Wednesday, June 27, 2012

In Theaters: Prometheus

Prometheus movie poster.
Poster via

Prometheus is the rare spectacle that allows itself room to breathe. An ambitious science fiction thriller which deliberately "precedes" director Ridley Scott's Alien, Prometheus also echoes masterpieces like Forbidden Planet and even 2001, and even if it falls short of those lofty heights it's a refreshingly thoughtful movie. If Alien was pure terror, Prometheus is more the danger and excitement of heading into the unknown. It's a movie where what waits at the end of the universe isn't very friendly at all, but there's still a thrill in uncovering it.

Noomi Rapace plays Dr. Elizabeth Shaw, an archeologist who has discovered clues all across the globe which seem to point to a distant world, which may hold the secrets to how human life began on Earth. A strangely credulous Weyland Coporation funds an expedition for her and her partner (Logan Marshall-Green) to explore this world and search for the Engineers, the beings the two believe are somehow responsible for man's existence. But the Corporation, represented by the chillingly pleasant android David (Michael Fassbender, aping Peter O' Toole), has its own agenda, and what the crew discover seems to threaten not only their lives but the survival of the entire species.

It's hard to talk about this film without spoiling at least some of it; a complex plot holds a great number of secrets, and a lot of the satisfaction of the film comes from finding out more, effectively sharing Dr. Shaw's desire to finally get answers from the gods who created her. If you're a fan of the Alien movies (or just the first), you'll likely get caught up in trying to trace the connections, of which there are many, but taking the film in such a literal sense seems like missing the point.

Many criticisms of the film have revolved around the old horror standard of people acting unwisely or rashly in a dangerous environment, but as much as this can actually bug me, I think the film sets up a rather solid rationale. The entire mission is an act of faith on behalf of a company whose aging founder is desperate for answers to the ultimate questions of Life, the Universe, and Everything- most of the crew are along for the ride, and not expecting to find anything, let alone anything dangerous. They're not expecting a crisis situation and so, inevitably, make mistakes. You expect them to be a little reckless.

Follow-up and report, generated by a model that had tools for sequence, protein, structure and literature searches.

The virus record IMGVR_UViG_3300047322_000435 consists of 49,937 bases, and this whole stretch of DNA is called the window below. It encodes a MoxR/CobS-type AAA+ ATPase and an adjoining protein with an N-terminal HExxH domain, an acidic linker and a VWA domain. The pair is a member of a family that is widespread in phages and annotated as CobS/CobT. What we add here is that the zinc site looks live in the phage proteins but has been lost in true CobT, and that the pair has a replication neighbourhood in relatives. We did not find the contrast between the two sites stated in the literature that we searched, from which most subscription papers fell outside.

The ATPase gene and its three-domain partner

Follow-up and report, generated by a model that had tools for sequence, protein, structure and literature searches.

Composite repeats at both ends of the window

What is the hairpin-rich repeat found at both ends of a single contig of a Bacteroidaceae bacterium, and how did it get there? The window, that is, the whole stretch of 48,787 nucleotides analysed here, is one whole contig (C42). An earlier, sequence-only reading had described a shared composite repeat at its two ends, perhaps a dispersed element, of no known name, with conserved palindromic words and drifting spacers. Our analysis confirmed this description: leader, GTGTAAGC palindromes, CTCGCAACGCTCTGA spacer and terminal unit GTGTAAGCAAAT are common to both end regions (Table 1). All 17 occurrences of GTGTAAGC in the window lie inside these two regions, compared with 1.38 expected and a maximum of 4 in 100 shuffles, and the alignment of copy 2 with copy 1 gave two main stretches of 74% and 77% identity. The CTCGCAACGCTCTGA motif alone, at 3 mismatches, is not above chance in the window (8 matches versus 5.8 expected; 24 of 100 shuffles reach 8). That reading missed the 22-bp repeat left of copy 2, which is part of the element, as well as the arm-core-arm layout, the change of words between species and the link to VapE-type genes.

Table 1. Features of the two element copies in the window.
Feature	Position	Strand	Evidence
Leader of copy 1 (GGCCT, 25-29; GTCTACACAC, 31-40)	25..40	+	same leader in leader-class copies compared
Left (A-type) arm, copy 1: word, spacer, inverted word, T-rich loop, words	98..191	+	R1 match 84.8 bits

Arguably the entire film is about the reckless charging in where angels fear to tread; it's about how faith compels us to great acts and great follies. The title alone has all sorts of mythical and spiritual connotations, and the movie isn't exactly subtle about this being a mission to meet God. This being a horror film, what we find isn't very pleasant, but the view of faith is kept complex, not entirely positive or negative.

Ridley Scott directs with a delicate touch. As a director he can sometimes go overboard with flourishes of style, but this time he's got a fairly complex story to present and makes sure that the images are clear and powerful. It's a gorgeous film, with slick 3-D photography bringing out the contours and textures of an alien space while leaving us just enough light to see.

At times the picture does seem to echo its source material a little too much- you'll recognize a lot of parallels, most notably the room full of small canisters that probably don't contain anything good, and inevitably some very Freudian monsters. Of course, some of the echoes are pleasurable; Michael Fassbender is excellent as a synthetic man with uncertain motivations, who models himself after Peter O' Toole in Lawrence of Arabia, another man who couldn't be read. And when it comes to body horror, Scott creates a truly ingenious sequence that's nearly as cringe-inducing as the original chestburster.

I like where this movie is coming from. It's thoughtful and thematically rich even as it takes the familiar shape of a thriller, and while parts are predictable the whole thing comes together rather beautifully. It ends with a link to the past, but also a rather bold statement of discovery and confrontation with the unknown, promising a sequel that, should it ever materialize, will be wondrously strange indeed. (The grosses have just been okay, but I hope this works out anyway.) I'm not sure this will ever be considered to be in the same pantheon as Alien or Blade Runner, but then again, we may just need to give it time.

Written by Jon Spaihts and Damon Lindelof
Directed by Ridley Scott

Grade: A-

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